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2nd New York
2nd New York
Roster - Annual Report of the Adjutant General of the State of New York For the Year
1893, Volume 8 View the Entire Book
|Second New York Artillery. Cols., Jeremiah Palmer, Gustave Wagner,
Milton Cogswell, Joseph N. G. Whistler; Lieut.-Cols., Oscar F. Hulser, Henry B. Burtnett,
Henry P. Roche, Gustave Wagner, Jeremiah Palmer, George Hogg; Majs., Henry P. Roche,
Albert Bronson, Thomas McGuire, George Hogg, Benjamin Van Raden, Alexander Doul, George S.
Dawson, Edward A. Selkirk, William A. McKay, Pliny L. Joslyn, Thomas J. Clark, Oscar F.
Hulser, Sullivan B. Lamoreaux, Francis R. Humphreys. This regiment was known as Gov.
Morgan's 2nd regiment U. S. light artillery, or Palmer's artillery. Eight of its companies
were recruited prior to Oct. 18, 1861, by Cols. John W. Latson and Jeremiah Palmer, and to
these were added on Dec. 5, 1861, the Morgan and the Flushing artillery, completing the
regimental organization. The companies were raised in the counties of New York, Oneida and
Herkimer and the regiment was organized at Staten island, where it was mustered into the
U. S. service by companies, between Aug. 22 and Dec. 12, 1861, for three years.
Thirty-four Indians of the Oneida tribe, original members of Co. F, were discharged in
June, 1862. Original Battery L, which had served detached as light artillery, became the
34th Battery (q. v.) in Nov., 1863, and was replaced by a new battery in Jan., 1864. On
the expiration of their term of service the original members were mustered out, and the
regiment, composed of veterans and recruits, remained in service. On June 27, 1865, it was
consolidated into eight companies, and four companies of the 9th N. Y. artillery were
transferred to it as Cos. I, K, L and M. The first eight companies left the state on Nov.
7, 1861, and the remaining companies about a month later. Early in the war the regiment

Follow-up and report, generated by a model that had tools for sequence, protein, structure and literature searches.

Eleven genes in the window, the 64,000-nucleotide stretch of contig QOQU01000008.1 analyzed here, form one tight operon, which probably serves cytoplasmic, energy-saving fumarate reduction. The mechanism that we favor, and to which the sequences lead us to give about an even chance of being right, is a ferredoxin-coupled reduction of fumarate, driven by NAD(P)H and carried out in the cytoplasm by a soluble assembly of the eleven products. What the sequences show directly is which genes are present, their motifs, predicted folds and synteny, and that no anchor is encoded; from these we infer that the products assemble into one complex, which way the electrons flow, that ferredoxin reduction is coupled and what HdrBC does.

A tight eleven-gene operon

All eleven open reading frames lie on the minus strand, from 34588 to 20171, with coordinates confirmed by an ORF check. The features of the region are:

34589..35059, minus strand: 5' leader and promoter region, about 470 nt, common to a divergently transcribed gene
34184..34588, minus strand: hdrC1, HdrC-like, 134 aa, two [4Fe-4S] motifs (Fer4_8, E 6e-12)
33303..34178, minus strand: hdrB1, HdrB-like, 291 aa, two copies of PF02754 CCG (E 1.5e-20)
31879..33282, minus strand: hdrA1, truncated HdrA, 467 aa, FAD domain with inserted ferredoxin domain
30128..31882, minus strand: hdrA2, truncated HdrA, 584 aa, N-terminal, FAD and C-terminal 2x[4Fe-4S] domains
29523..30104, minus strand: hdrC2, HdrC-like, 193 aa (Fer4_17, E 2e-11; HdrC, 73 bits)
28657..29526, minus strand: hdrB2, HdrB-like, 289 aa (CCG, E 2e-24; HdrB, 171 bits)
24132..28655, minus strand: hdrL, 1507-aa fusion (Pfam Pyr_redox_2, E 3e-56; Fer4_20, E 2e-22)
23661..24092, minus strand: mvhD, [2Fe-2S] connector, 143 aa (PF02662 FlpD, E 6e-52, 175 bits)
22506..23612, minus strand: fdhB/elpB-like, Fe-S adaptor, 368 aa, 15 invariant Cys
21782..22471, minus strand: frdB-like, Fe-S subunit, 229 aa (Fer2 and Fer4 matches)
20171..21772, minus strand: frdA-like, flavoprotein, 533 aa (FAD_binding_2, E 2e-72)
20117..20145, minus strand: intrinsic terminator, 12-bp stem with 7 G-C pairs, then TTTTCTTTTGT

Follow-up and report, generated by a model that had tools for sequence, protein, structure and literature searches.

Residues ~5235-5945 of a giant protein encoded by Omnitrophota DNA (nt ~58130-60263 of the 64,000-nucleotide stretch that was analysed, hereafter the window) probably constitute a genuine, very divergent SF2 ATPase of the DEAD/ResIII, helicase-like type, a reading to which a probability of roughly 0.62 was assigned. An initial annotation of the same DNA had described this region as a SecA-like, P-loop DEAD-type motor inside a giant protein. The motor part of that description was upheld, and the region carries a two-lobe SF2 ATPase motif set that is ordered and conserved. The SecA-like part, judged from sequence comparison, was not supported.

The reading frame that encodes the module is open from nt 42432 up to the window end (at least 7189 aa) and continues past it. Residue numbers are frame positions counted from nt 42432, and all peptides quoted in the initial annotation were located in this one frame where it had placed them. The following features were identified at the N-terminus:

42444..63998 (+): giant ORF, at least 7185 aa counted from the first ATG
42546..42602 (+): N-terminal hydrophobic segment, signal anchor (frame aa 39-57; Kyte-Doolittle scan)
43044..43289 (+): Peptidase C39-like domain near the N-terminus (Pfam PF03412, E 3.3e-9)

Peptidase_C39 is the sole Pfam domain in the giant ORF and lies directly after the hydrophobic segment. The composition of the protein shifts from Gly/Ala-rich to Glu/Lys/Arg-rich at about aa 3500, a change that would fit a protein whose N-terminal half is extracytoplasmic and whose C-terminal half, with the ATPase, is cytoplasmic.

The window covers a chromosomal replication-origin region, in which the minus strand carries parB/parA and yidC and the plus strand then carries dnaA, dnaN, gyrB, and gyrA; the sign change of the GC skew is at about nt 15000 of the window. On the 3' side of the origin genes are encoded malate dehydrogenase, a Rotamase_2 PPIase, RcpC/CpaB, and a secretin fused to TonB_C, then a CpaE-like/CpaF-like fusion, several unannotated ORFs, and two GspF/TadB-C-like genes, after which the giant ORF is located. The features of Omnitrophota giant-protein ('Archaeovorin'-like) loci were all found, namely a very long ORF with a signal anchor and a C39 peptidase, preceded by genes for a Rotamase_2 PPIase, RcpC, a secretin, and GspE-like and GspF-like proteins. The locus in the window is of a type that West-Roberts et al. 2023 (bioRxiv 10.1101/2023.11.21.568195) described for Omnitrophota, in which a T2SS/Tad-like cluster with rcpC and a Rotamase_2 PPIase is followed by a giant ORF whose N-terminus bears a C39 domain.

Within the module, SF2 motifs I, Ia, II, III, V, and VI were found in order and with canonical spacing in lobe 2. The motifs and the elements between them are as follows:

garrisoned Forts Ward, Worth and Blenker the advanced line of Washington defenses
on the Virginia side of the Potomac. At the time of the enemy's raid upon Manassas in
Aug., 1862, it did splendid service at Bull Run bridge and was the means of saving the
remainder of Gen. Taylor's New Jersey brigade, holding the enemy in check while the New
Jersey troops and the 12th Pa. cavalry made good their retreat. Its loss in this action
was 1 killed, 6 wounded and 53 missing. The regiment fought bravely during Grant's
campaign of 1864 and during the final Appomattox campaign. It was assigned to Tyler's
artillery division, 2nd corps, on May 18, 1864, and afterwards served in Barlow's division
of the same corps. It took part in the engagements at Spottsylvania, the North Anna,
Totopotomy, Cold Harbor, first assault on Petersburg, Weldon railroad, Deep Bottom,
Strawberry Plains, Reams' station, Hatcher's run, Fort Stedman, White Oak ridge, fall of
Petersburg, Deatonsville, High bridge, Farmville and Appomattox Court House. Its losses
were particularly heavy at Spottsylvania 117 killed, wounded and missing. At the
Totopotomy and North Anna it lost 95 killed, wounded and missing; at Cold Harbor 215; at
the first assaults on Petersburg, 306; at Strawberry Plains, 60; at Reams' Station, 72;
and during the final assault on Petersburg, 104. There were nine heavy artillery regiments
whose loss in killed and died of wounds exceeded 200, among which the 2nd N. Y. ranked
eighth. In the assault on Petersburg, June 17, 1864, the 2nd lost 54 killed, which is one
of the most remarkable losses sustained by a heavy artillery regiment in any one
engagement during the war. Its total losses were 216 killed and mortally wounded, 10 of
whom were officers; 250 enlisted men died of disease, accidents, in prison, etc.; total
deaths, 466. There were 27 officers and 718 enlisted men wounded (including 106 mortally
wounded) and 71 enlisted men died as prisoners. It was mustered out at Washington, Sept.
29, 1865, commanded by Col. Whistler.
Regimental history taken from "The Union Army" by Federal Publishing
Company, 1908 - Volume 2